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One year and one week after Cardiff Airport announced its first long-haul link with the Gulf, Qatar Airways flight 323 touched down ahead of schedule after a 3,400-mile flight from Doha.

The brand-new Airbus A350, just delivered to the Qatari airline, was specially deployed for the first flight. It dwarfed the narrow-bodied aircraft arriving from Alicante, Barcelona and Paris.

For future trips, a Boeing 787 Dreamliner will be used.

It is the first time that Wales has had a link with the Gulf. Politicians and travel and tourism executives believe the connection with Doha will have wide-ranging benefits. South Wales is now one stop from New South Wales and the rest of Australia, with Bali, Bangkok and 150 other destinations available to travellers.

Qatar Airways’ chief executive, Akbar Al Baker, revealed the new route on 24 April 2017. He was on the inaugural flight, along with the first minister of Wales, Carwyn Jones, and the Welsh secretary, Alun Cairns.

Cardiff Airport, located south-west of the Welsh capital at Rhoose, won the award for best UK airport with fewer than three million passengers in 2017. But it has struggled financially for years, and was controversially bought by the Welsh Government in 2013 for £52m.

While British Airways aircraft are frequently seen landing and taking off, that is because BA has a large maintenance operation at Cardiff. The airline has not flown commercially to or from the airport since 2007.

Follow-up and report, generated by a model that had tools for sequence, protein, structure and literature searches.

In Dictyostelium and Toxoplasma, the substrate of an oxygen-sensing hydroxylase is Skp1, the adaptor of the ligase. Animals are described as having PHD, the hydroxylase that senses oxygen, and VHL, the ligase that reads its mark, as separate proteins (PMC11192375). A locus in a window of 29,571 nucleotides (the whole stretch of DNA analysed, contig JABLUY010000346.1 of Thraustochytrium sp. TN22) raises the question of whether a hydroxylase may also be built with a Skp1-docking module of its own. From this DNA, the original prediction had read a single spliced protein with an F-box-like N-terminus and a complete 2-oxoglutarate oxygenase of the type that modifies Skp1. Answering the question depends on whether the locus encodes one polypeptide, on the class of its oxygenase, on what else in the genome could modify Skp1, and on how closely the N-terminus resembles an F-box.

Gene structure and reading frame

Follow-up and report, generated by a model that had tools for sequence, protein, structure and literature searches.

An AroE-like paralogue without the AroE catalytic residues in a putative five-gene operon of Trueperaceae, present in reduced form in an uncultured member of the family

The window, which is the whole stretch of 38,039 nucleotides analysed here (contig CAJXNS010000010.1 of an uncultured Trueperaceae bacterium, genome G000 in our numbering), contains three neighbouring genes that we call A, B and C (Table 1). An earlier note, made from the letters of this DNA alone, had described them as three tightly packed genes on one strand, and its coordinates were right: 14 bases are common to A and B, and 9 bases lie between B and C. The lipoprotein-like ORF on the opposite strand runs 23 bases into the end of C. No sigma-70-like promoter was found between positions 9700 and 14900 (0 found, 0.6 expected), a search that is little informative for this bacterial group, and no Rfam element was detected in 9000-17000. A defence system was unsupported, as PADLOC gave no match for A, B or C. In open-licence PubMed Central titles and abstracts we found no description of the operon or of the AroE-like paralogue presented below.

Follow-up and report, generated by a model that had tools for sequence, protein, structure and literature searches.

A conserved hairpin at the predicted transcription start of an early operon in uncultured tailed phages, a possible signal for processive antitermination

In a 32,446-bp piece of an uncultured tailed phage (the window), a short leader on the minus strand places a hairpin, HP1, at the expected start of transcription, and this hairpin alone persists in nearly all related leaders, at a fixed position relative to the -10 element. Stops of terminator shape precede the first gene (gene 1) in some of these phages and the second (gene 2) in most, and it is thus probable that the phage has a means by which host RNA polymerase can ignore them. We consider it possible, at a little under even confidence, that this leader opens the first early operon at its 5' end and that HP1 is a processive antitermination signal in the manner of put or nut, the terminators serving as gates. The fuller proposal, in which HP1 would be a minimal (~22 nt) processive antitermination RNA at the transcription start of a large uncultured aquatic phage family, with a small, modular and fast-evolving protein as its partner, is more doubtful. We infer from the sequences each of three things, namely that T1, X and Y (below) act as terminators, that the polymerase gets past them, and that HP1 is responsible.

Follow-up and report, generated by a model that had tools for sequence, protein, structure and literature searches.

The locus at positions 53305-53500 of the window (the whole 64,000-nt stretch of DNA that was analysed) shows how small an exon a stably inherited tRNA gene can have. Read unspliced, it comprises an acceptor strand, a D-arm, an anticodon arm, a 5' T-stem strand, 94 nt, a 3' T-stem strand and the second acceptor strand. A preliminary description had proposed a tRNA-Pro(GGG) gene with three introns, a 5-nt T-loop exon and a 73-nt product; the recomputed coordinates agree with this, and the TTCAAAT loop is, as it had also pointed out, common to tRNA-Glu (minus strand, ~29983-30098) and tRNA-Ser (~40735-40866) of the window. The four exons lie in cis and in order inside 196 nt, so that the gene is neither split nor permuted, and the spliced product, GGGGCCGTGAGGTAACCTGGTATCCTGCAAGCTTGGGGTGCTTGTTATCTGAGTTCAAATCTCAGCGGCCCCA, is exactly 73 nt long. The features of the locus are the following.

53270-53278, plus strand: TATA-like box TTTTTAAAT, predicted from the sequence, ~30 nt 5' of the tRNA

But Cardiff has scored a victory over its arch-rival, Bristol Airport, in securing the link to the Gulf. Bristol, just seven minutes’ flying time to the east, is far more successful. It is a base for both easyJet and Ryanair, and claims to handle more passengers from Wales than does Cardiff Airport.

The inbound flight went directly over Bristol Airport before turning right for its final approach. Pointedly, Roger Lewis, chairman of Cardiff Airport, said: “This is a pivotal moment for Cardiff Airport, for Wales and the South West of England. The far reaching consequences of this service for passengers and businesses will be transformational.”

Bristol had been widely expected to get the first service from the West of England and South Wales region on one of the “Middle East 3”: Emirates of Dubai, Etihad of Abu Dhabi and Qatar Airways.

The fortunes of the big Gulf carriers may be waning. Emirates has grounded some aircraft due to weak demand and a shortage of pilots. Etihad, having made some disastrous investments in failing European airlines, is axing routes as it seeks to stem losses.

Qatar Airways is suffering from continuing geo-political tension in the Gulf, which means its aircraft are banned from the airspace of several nearby nations. Planes must fly long diversions to avoid the territory of the UAE, Saudi Arabia, Bahrain and Egypt.

But, so long as the route continues to 2022, it could fly the Wales football team to the World Cup in Qatar


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